Science

Why I Stopped Defending GMOs

The scientific evidence is important, but there’s more to consider.

Pro-GMO signs are seen in a trash can.
Photo illustration by Slate. Photos by photka/iStock/Getty Images Plus and WesAbrams/iStock/Getty Images Plus.

After my first child was born, I was terrified that something bad would happen to her. I compulsively checked my stove, the locks, and my baby’s breathing in futile attempts to assuage my overwhelming fears. The parenting books, the internet forums, Dr. Oz, and the news outlets I turned to suggested that every choice could make or break my kid’s well-being. They told me that harmful chemicals lurked around every corner—in infant formula, household products, and the foods she would soon eat.

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I decided to fight my fears with evidence. Over the next two years, I taught myself to read peer-reviewed scientific literature. Going straight to the primary source behind the stories, and the worries, was a desperate attempt at self-preservation. It worked to some extent. Knowledge and meds brought me out of the worst of the terror that had started with my first child in 2011 in time for the birth of my second in 2013. Eventually, I found a good behavioral therapist to help with the rest.

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But I was left resentful of all of the unscientific fearmongering. I channeled the resentment into blogging, intending to arm worried parents with tools to navigate all of the scary information. Among those who exploited parents’ natural fears, the anti-GMO movement was a big one: GMOs kept popping up as the purported culprit for a gamut of problems, from obesity to infertility to the commodification of life forms in the world our children are set to inherit.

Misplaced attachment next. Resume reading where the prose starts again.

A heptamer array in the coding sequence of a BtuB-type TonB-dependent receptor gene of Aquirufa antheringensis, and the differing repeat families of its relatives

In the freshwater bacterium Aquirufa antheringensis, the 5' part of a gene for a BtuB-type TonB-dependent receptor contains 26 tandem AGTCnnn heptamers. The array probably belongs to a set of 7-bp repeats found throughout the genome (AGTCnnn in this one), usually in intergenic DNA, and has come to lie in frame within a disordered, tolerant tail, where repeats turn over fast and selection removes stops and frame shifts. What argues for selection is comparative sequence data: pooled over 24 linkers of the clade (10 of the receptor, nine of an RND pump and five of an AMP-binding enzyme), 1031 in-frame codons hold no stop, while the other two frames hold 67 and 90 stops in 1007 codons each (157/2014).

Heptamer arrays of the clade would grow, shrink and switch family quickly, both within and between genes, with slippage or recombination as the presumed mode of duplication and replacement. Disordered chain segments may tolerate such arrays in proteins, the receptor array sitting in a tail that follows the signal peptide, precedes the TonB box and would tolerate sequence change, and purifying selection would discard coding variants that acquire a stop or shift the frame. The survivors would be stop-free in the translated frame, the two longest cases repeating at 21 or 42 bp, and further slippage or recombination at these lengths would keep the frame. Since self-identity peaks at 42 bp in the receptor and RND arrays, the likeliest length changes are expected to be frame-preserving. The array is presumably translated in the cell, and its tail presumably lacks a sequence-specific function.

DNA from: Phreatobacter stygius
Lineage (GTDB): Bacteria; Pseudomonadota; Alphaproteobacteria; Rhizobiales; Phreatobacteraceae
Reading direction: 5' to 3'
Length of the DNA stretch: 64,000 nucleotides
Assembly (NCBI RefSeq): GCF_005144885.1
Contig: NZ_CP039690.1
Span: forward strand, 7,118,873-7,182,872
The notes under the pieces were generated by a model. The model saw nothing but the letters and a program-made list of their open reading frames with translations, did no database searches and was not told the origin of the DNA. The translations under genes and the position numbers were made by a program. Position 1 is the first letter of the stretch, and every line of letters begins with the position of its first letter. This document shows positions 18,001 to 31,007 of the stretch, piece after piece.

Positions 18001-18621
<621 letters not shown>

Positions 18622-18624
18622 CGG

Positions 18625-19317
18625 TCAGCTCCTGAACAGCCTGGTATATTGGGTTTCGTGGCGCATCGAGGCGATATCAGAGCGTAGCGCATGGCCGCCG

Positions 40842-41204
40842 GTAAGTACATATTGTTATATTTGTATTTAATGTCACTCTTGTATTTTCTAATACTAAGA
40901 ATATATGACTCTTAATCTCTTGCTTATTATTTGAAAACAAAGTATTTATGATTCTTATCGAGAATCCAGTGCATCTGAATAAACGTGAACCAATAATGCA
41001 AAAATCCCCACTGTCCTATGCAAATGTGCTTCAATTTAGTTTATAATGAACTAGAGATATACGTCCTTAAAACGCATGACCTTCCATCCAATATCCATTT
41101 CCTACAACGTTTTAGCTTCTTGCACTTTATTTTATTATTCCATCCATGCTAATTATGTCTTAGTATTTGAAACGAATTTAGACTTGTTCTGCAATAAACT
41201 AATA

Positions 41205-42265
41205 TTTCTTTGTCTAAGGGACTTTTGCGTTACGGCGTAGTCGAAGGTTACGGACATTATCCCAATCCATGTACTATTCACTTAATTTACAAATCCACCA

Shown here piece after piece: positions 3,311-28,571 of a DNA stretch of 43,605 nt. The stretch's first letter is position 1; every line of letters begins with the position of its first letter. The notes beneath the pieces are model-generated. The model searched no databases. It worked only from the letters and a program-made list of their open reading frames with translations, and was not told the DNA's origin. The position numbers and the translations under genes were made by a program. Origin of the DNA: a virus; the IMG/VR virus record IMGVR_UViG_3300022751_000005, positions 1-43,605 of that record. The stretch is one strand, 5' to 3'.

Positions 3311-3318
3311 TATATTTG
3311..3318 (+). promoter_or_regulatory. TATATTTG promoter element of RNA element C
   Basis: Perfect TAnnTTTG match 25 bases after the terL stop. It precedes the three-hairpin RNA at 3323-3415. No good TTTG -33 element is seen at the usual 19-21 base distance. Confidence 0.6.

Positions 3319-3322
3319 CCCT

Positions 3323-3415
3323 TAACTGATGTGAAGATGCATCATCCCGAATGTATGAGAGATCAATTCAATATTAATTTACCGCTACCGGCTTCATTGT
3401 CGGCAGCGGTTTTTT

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I looked at claim after claim that GMOs were harmful and found them riddled with misinformation. I learned about the financial, political, and ideological motives behind a slew of prominent players who systematically mischaracterize genetic engineering. I found, as William Saletan did in an investigation for Slate in 2015, that the case against GMOs is full of fraud and lies.

I wanted to shout it from the rooftops. Not only were GMOs safe, they were wonderful: To me, the precise transfer of genes to confer desired traits seemed downright elegant. Papaya with an added gene is now practically vaccinated against a virus that nearly wiped it out? Potatoes and apples—like the ones I learned about on an all-expenses-paid trip to Arctic Apples orchards—that don’t brown? Well, slap an “I ♥ GMO” T-shirt on me and hand me a megaphone, I thought. That’s exactly what I did. I didn’t just wear the shirt—I became a leader in the pro-GMO movement.